November 12 marks a special day in the Bahá’í faith. In 1817, their founder, Mira Husayn ‘Ali, later known as Bahá’u’lláh (Bah-ha-OO-lah), was born in Persia (now Iran). Because their calendar days begin at sunset, Bahá’u’lláh’s birthday actually began last evening. The Bahá’í community in the U.S. self-identifies as the “newest of the world’s independent religions,” with over 160,000 adherents in this country alone. Their primary message is unity. They believe God is one and that all religions derive from God. They believe in the oneness of the human family and that all prejudices must be overcome. They believe that God has been revealed to humankind through a series of messengers, including Abraham, Krishna, Zoroaster, Moses, Buddha, Jesus, and Muhammad. And they believe that our lasting vision must be world peace.
Bahá’u’lláh’s story actually begins with Siyyid ‘Alí-Muhammad and a group within Shia Islam, known as the Twelvers. For hundreds of years, they had waited for the arrival of a new messianic figure, al-Qā’im. By the mid-1800s, the Twelvers had been informed by one of their leaders that the arrival of al-Qā’im was imminent. One evening, in 1844, Siyyid ‘Alí -Muhammad revealed himself as the Báb, or Gate, to al-Qā’im. Others soon recognized his spiritual authority, and the Báb gained a following. Initially, he encouraged strict adherence to sharia law, but within a few years, the Bábísts made a clear break from Islam. Muslim clerics opposed the movement and forcefully tried to repress it. Bábís were massacred, and in 1850, the Báb, himself, was executed. More deaths followed.
Bahá’u’lláh, one of the Báb’s followers, survived but was imprisoned in an underground dungeon in Tehran called the “Black Pit.” While there, he was called to his mission through a vision. “I beheld a Maiden…suspended in the air before Me….her countenance shone with the ornament of the good-pleasure of God, and her cheeks glowed with the brightness of the All-Merciful.” Within ten years, Bahá’u’lláh publicly claimed to be al-Qā’im, the Messenger of God foretold by the Báb. Bahá’u’lláh was a prolific writer, penning thousands of texts on religious doctrine, prayer, moral teachings, and his claim to be the Manifestation of God. The total volume of his work is said to be more than 15x longer than the Christian Bible.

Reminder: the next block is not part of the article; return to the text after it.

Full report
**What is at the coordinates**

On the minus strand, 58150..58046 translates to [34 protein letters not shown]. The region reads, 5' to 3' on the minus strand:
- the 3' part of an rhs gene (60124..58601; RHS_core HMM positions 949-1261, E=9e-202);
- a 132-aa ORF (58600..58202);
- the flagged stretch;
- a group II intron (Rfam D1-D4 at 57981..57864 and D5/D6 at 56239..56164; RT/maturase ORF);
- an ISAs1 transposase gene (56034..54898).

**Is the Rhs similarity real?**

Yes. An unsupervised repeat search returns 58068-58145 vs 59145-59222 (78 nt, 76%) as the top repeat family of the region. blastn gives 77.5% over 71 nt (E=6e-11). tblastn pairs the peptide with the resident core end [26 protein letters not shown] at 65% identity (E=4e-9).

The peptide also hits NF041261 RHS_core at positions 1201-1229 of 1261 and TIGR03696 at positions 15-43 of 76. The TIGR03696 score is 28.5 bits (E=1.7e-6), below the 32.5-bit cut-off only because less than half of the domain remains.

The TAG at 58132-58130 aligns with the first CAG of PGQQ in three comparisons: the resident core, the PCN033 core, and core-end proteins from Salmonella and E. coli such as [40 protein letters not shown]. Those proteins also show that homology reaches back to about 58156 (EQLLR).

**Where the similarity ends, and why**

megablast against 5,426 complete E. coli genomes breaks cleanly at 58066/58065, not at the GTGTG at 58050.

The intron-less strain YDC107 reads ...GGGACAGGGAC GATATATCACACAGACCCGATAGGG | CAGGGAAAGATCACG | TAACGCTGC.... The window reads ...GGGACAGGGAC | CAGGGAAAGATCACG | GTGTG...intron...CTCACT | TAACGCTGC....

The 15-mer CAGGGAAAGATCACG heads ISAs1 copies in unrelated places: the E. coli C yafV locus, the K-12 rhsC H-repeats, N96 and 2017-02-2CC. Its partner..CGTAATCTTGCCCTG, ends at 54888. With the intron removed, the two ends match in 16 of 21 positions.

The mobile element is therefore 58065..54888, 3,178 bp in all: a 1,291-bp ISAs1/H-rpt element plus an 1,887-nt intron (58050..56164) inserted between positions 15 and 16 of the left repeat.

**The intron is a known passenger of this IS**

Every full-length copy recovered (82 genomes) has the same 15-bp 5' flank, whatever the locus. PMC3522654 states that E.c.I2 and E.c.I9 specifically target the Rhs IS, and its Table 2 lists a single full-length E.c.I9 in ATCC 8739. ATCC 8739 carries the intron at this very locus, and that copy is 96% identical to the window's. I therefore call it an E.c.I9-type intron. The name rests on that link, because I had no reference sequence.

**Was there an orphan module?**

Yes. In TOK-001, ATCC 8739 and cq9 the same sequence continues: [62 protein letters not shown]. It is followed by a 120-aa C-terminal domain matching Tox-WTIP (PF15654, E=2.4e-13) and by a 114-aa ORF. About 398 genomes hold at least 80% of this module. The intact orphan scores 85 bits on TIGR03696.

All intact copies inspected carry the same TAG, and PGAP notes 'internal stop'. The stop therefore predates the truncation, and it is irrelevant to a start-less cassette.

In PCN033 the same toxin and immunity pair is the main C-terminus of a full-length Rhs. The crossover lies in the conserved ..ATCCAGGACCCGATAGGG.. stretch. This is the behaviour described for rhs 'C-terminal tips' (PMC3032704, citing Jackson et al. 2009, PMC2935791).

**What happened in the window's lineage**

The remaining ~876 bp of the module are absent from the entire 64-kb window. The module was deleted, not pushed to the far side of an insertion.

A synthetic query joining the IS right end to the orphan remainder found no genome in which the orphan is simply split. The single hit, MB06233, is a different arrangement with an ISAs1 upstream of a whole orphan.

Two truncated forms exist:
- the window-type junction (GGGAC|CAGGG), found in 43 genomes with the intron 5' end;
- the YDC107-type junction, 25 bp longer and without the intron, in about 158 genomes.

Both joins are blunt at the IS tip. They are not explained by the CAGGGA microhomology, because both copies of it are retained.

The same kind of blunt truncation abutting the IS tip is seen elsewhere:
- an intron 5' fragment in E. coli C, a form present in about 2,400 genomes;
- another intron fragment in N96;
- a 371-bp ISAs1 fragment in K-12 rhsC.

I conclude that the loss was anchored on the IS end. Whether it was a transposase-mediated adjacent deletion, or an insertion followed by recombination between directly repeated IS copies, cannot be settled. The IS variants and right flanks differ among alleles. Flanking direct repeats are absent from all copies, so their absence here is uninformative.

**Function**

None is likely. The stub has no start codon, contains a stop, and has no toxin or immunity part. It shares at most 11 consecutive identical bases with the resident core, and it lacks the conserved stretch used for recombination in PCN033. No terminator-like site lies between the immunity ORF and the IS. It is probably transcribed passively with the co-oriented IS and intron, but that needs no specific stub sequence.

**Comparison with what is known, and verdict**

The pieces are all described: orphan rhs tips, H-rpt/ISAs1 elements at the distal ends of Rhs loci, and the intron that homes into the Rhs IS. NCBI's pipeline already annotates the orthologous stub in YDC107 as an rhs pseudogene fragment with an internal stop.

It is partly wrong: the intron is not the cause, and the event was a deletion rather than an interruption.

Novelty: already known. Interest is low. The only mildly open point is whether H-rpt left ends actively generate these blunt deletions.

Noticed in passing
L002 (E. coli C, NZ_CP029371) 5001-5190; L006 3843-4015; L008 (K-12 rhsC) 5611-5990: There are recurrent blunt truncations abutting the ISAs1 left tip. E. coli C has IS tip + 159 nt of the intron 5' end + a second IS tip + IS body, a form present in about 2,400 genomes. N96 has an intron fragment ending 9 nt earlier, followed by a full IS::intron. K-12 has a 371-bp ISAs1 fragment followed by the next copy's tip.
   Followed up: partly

So how do Bahá’ís celebrate Bahá’u’lláh’s birth? As one of nine annual Bahá’í holy days, followers are encouraged to refrain from work if possible, using the day for reflection or family time. Each Bahá’í community develops its own celebration. Our local community honored Bahá’u’lláh with a service last evening. There were several dramatic readings that included details about Bahá’u’lláh’s life and his prophethood. Bahá’í communities/families might also light candles to express gratitude for the prophet, sing songs, craft gifts that Bahá’u’lláh would appreciate, or make decorations for their homes or places of worship. Internet templates for nine-pointed stars and nine-sided polygons are also popular for kids’ crafts since Bahá’í temples are built in that shape.
One story, in particular, speaks to many Bahá’í families as they honor the birth of Bahá’u’lláh. In this story, Bahá’u’lláh is a child watching a puppet show performed as part of his older brother’s marriage festivities. During the show, the puppet king was seated on his throne, surrounded by princes and other dignitaries. A puppet thief was brought before the high court. The king pronounced his judgment, and the puppet executioner cut off the thief’s head. The puppet king then dispatched troops to quell an uprising, while cannon fire boomed in the background. It was an impressive show for both the guests and for the young Bahá’u’lláh. Twenty minutes later, however, Bahá’u’lláh saw the entire puppet show reduced to a box being carried away from the stage. Kings, princes, and rebels were squished together unceremoniously. As Bahá’u’lláh later wrote, “Ever since that day, all the trappings of the world have seemed in the eyes of this Youth akin to that same spectacle.”
The global Bahá’í community now includes over five million people from nearly 200 different countries. Followers of the faith come from a variety of religious traditions to study the writings of the Báb and Bah’u’lláh and to reconfirm their commitment to equality, social and economic justice, and the termination of racial and ethnic strife. Sadly, the Bahá’í community in Iran, the faith’s country of origin, suffers ongoing persecution. A recent UN report on the state of human rights in Iran specifically mentioned that Bahá’í members “face arbitrary detention, torture and ill-treatment, national security charges for active involvement in religious affairs, restrictions on religious practice, denial of higher education, obstacles to State employment and abuses within schools.” Today, I intend to honor the founder’s birthday by sending out a prayer for world peace, a doctrine that lies at the core of all Bah’u’lláh’s teachings.
For more specific ideas about how kids might celebrate Bahá’u’lláh’s birthday:
Sharing Bahá’u’lláh’s Birthday with our Children
For Bahá’u’lláh’s writings:
The Bahá’í Reference Library
(Both the puppet tale and the story of the heavenly maiden can be found in The Summons of the Lord of Hosts on p. 5 and pp. 165-168.)
For more information on the persecution of the Bahá’í in Iran:
Bahá’í World News Service